Disorders of the temporomandibular joint
The temporomandibular joint (TMJ) lies between the mandible and the temporal bone. The TMJ can be affected by a range of diseases and disorders, including ‘pain/dysfunction’ and internal displacement of the disc. It is also affected by trauma and by systemic diseases such as rheumatoid arthritis. It has been estimated that 1 in 3 people have symptoms of TMJ disorders and that an even greater proportion exhibit signs.
Fig. 15.1 The structure of the temporomandibular joint.
(A) Upper joint space; (B) lower joint space; (C) interarticular disc; (D) condylar head; (E) lateral pterygoid muscle superior head; (F) lateral pterygoid muscle inferior head; (G) mandibular fossa; (H) articular eminence; (I) external auditory canal.
The mandibular condyle: The mandibular condyle is a bony ellipsoid structure attached to the mandibular ramus by an elongated neck. Its mediolateral dimension (around 20 mm) is larger than the anteroposterior dimension (8–10 mm). Its articulating surface is covered in a thin layer of fibrocartilage. There is usually a clearly demarcated ridge running mediolaterally along its anterior surface. This is the edge of the articulating surface. Below the ridge is a hollow, marking an attachment of the lateral pterygoid muscle.
The mandibular (glenoid) fossa: The mandibular fossa is a hollow on the inferior surface of the squamous temporal bone. The fossa is bounded anteriorly by a ridge of bone, the articular eminence, which forms the anterior margin of the joint. The fossa is covered in a thin layer of fibrocartilage. The mastoid air cells often extend into the bone of the articular eminence and the bone of the fossa.
Interarticular disc: The interarticular disc is a biconcave sheet of avascular fibrous connective tissue that divides the joint into a superior and inferior joint space. At its anterior margin, it blends with fibres of the lateral pterygoid muscle. Posteriorly, it attaches to looser connective tissue (bilaminar zone) containing nerves and lined with synovial membrane.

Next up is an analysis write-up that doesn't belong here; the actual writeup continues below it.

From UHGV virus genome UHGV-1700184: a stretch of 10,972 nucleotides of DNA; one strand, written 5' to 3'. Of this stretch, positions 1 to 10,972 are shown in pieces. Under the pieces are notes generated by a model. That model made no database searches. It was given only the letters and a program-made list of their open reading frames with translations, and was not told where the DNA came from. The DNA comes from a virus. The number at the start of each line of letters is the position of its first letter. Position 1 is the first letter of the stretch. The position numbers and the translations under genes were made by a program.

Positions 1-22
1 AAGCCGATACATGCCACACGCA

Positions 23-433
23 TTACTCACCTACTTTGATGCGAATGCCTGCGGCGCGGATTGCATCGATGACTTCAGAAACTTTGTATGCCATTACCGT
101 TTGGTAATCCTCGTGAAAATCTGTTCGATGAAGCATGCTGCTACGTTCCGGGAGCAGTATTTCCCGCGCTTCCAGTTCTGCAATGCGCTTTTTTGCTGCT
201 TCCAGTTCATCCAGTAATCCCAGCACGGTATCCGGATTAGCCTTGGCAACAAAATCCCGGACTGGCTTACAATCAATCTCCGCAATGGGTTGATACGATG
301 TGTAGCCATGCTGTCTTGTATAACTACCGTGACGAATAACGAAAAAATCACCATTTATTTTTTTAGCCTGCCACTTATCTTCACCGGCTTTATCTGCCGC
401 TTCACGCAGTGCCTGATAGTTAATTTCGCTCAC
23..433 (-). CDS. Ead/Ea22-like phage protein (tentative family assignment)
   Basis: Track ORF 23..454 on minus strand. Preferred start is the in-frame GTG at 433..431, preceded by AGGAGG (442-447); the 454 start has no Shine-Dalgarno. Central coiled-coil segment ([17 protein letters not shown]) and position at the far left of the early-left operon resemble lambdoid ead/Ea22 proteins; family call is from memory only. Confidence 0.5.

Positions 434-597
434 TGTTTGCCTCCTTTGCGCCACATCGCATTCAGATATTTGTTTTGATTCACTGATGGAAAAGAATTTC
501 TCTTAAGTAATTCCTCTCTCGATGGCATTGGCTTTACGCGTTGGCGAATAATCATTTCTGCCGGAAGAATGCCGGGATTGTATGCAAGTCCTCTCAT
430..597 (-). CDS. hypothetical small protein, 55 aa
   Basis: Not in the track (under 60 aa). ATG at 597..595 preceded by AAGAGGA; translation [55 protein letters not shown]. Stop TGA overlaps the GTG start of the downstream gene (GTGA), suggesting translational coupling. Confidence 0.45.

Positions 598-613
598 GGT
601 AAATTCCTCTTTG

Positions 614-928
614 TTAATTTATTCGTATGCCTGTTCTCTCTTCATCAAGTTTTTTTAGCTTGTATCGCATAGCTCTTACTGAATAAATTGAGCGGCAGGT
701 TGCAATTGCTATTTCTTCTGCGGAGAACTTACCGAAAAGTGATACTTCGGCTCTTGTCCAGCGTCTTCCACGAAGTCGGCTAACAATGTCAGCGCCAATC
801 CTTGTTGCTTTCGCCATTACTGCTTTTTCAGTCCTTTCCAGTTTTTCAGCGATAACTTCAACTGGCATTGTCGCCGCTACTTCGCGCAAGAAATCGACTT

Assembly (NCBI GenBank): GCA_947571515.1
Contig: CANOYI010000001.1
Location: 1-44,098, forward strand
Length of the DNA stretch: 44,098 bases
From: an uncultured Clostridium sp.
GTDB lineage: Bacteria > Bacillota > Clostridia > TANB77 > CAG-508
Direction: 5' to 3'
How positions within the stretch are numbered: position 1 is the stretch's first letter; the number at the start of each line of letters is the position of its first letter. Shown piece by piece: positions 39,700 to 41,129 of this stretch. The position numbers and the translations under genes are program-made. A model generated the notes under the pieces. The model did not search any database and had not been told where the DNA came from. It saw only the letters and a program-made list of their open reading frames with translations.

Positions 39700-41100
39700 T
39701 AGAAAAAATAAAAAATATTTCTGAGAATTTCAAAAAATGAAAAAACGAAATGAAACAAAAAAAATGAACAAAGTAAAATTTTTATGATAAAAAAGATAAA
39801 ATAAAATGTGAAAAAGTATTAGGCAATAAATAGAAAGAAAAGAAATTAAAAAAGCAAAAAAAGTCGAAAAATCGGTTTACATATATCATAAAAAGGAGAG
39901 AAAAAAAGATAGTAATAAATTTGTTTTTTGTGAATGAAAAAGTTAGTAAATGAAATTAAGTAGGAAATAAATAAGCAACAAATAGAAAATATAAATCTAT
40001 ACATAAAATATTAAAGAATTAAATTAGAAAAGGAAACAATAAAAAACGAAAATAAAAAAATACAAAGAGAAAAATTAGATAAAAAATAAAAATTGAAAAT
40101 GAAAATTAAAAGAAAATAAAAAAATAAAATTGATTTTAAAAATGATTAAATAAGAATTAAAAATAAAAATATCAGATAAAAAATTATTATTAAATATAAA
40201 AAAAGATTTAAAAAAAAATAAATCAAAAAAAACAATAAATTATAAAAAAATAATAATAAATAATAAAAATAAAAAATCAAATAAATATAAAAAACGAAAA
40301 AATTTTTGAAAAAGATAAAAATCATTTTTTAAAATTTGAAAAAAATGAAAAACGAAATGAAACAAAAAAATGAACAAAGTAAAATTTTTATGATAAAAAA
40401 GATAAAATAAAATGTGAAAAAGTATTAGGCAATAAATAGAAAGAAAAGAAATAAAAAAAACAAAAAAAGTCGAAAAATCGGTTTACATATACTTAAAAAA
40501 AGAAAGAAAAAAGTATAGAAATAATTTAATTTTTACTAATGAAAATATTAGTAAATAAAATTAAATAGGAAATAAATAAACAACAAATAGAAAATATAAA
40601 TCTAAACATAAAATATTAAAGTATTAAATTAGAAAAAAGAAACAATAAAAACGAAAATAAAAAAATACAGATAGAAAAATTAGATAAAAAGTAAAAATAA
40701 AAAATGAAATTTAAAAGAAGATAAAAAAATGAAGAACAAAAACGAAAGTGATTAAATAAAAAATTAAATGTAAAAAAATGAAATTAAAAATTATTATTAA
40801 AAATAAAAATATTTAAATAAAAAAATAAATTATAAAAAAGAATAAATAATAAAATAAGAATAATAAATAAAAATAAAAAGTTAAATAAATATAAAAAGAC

Capsule: The TMJ has a fibrous capsule attached to the rim of the mandibular fossa and the neck of the condyle. The disc attaches to it medially and laterally. The lateral aspects of the capsule are thickened by the lateral (temporomandibular) ligament.
Ligaments: The lateral ligament lies lateral to the TMJ and runs from the root of the zygoma to the posterior aspect of the condylar neck. It limits anteroposterior joint movement. The sphenomandibular and stylomandibular ligaments are also part of the joint complex and probably also serve to limit movement.
Movement: Face the patient and ask him/her to open slowly to maximum. Normal range (interincisal) is 35–40 mm. If opening is thought to be reduced, ask whether the limiting factor is pain or an obstruction. Note the path of opening and any lateral deviation.
Muscle examination: Muscle tenderness suggests some abnormal function (clenching, bruxism). Masseter and temporalis muscles are assessed by direct palpation. The lateral pterygoid is indirectly examined by noting the response (in terms of any preauricular pain) to attempted opening against the restriction of the examiner’s hand below the chin. The medial pterygoid cannot be examined.
Most clinical problems related to the TMJ are caused by muscular parafunction (e.g. bruxism) or internal disc derangements. Neither is likely to be associated with any relevant bony abnormalities. Consequently, radiography is not normally indicated unless there is any suggestion of bony abnormality, such as might be the case in rheumatoid arthritis or osteoarthrosis. Many panoramic X-ray machines allow specific images of the condyles to be taken without unnecessary radiography of the rest of the jaws. The only radiographic projection to show the whole joint is the transcranial oblique lateral view.